2.9 Types of Classroom Speaking Performance ……………………... 51

2.9.1 Imitative ………………………………………………………... 51

2.9.2 Intensive ………………………………………………………... 52

2.9.3 Responsive ……………………………………………………... 52

2.9.4 Interactive ………………………………………………………. 52

2.9.5 Extensive ……………………………………………………….. 53

2.10 Teaching Speaking ……………………………………………… 53

2.11 Suggestions for Teachers to Teach Speaking …………………… 54

2.12 The Importance of Technology in Teaching ……………………. 55

2.13 The Value of Audiovisual Aids to Learning ………..................... 56

Conclusion ………………………………………………..……... 56

XV
CHAPTER THREE: FIELD WORK AND DATA ANALAYSIS

Introduction ……………………………………………………
61
3.1. Research Objectives ………………………………….…………
61
3.2. Research Methodology Design ……….………...………………
61
3.3. Data Collection Methods ……………………………………....
62
3.3.1. Quantitative ……………………………………………………..
62
3.3.1.1. Students’ Questionnaire ………………………………..
63
3.3.1.1.1. Description ……………………………………………….
63
3.3.1.1.2. Pilot Stage ..............……………………………………..
64
3.3.1.2. Teachers’ Questionnaire …………………………………
65
3.3.1.2.1. Description ………………………………………………
65
3.3.1.2.2. Pilot Stage and Validation ……………………………..
66
3.3.2. Qualitative ………………………………………………………
66
3.3.2.1. Classroom Observation ………………………………….
67
3.3.2.1.1. Description ………………………………………………
67
3.3.2.1.2. Classroom observation Checklist ……………………….
68
3.4. Population / Sample ……………………………………………
69
3.4.1. Teachers Profile …………………………………………….....
69
3.4.2. Students Profile …………………………………………………
70
3.5. The Analysis of the Students’ Questionnaire …………………...
70
3.5.1. Administration and Aim of the Students’ Questionnaire ……….
70
3.5.2. Analysis and Interpretations of the Students’ Questionnaire.......
71

XVI
3.5.3. Discussion of the Results ………………………………….……
91
3.6. The Analysis of the Teachers’ Questionnaire ………………….
92
3.6.1. Administration and Aim of the Teachers’ Questionnaire …..…..
92
3.6.2. Analysis and Interpretations of the Teachers’ Questionnaire ….
92
3.6.3. Discussion of the Results ………………………………………
108
3.7. The Analysis of the Classroom Observation …………………...
108
3.7.1. The Analysis of Classroom Observation without the Use of

Audiovisual Aids ……………………………………………………… 109

3.7.2. The Analysis of Classroom Observation with the Use of

Audiovisual Aids ……………………………………………………… 111

3.7.3. Discussion of the Results ………………………………………


113
3.8. Discussion of the Main Results ………………………………..
114

Conclusion ……………………………………………………... 115

General Conclusion …………………………………………………… 116

References …………………………………………………………….. 119

Appendices

XVII
General introduction

Introduction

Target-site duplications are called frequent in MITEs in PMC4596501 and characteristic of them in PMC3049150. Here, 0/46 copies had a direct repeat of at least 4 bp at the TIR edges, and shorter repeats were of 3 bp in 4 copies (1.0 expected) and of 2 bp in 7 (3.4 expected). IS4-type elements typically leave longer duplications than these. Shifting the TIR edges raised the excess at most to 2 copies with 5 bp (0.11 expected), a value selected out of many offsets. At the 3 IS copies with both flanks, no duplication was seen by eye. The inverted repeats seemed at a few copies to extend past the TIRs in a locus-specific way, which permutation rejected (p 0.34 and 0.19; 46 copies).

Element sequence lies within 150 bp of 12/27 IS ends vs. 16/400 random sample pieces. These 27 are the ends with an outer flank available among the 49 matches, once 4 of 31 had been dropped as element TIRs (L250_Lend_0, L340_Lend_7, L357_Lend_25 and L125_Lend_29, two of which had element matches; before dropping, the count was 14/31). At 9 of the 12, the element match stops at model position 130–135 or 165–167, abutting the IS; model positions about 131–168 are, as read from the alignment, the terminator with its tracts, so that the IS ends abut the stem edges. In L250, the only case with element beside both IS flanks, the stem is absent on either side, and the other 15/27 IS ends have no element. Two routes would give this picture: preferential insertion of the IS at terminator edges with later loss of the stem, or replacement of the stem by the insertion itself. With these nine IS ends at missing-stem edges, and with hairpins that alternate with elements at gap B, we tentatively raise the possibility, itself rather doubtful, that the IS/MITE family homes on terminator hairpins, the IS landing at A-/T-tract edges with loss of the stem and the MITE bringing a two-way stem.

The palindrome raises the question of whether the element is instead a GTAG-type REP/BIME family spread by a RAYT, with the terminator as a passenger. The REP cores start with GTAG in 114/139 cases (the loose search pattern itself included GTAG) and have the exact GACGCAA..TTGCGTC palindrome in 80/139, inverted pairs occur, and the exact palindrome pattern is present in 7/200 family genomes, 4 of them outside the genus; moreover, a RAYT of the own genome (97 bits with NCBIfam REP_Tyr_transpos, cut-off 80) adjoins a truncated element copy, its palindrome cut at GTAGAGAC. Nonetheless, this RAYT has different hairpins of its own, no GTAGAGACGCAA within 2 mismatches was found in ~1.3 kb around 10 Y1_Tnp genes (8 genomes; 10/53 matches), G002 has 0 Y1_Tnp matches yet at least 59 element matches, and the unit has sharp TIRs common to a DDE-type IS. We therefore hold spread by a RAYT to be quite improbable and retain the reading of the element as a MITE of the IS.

English is a language for international communication, in the last few decades it

becomes the language used by the majority of the world’s population, and in many countries

it is more important than ever because it is well spread around the Globe. Many people are

trying to learn English as a foreign language for many purposes, the main objective is to

communicate and in order to achieve this goal the person needs to have the ability to speak,

and to perform fluently.

Speaking skill is fundamental for communication in comparison with the four skills used

to learn a new foreign language which are listening, speaking, writing and reading. Speaking

is a crucial part of foreign language teaching and learning, where many students may face a

lot of difficulties to express themselves in English, because of the influence of the mother

tongue, the limited time for practicing the target language, the lack of vocabulary to express

ideas, in addition to the lack of self confidence or shyness.

Nowadays, teachers are required to employ newer methods and strategies of teaching. The

audiovisual aids have been introduced in order to improve the quality of teaching and

learning, it gives the students the opportunity of the exposure in a modern way. The purpose

of the use of audiovisual materials is to make the lesson interesting, to stimulate the students,

to gain time as well as effectiveness. They might be applied on all domains, to learn a new

target language many types are available like the computer, the TV, the Internet, the social

media, and others but the materials used in the educational system are more particular.

1
1. Statement of the Problem

In the Algerian Universities, most students who are learning English as a foreign

language, have a problem with the speaking performance. They cannot express their thoughts

clearly in a comprehensible manner. That is due to many reasons the main ones are the

methodology used by the majority of the teachers, the availability of the equipment along

with the learners limited exposure of English language.

The world witnesses a shift in all domains (economic – social- cultural- political), even

the educational system witnesses a great development as well. In other words the ordinary

traditional methods seems to be remarkably changed into the usage of the audiovisual aids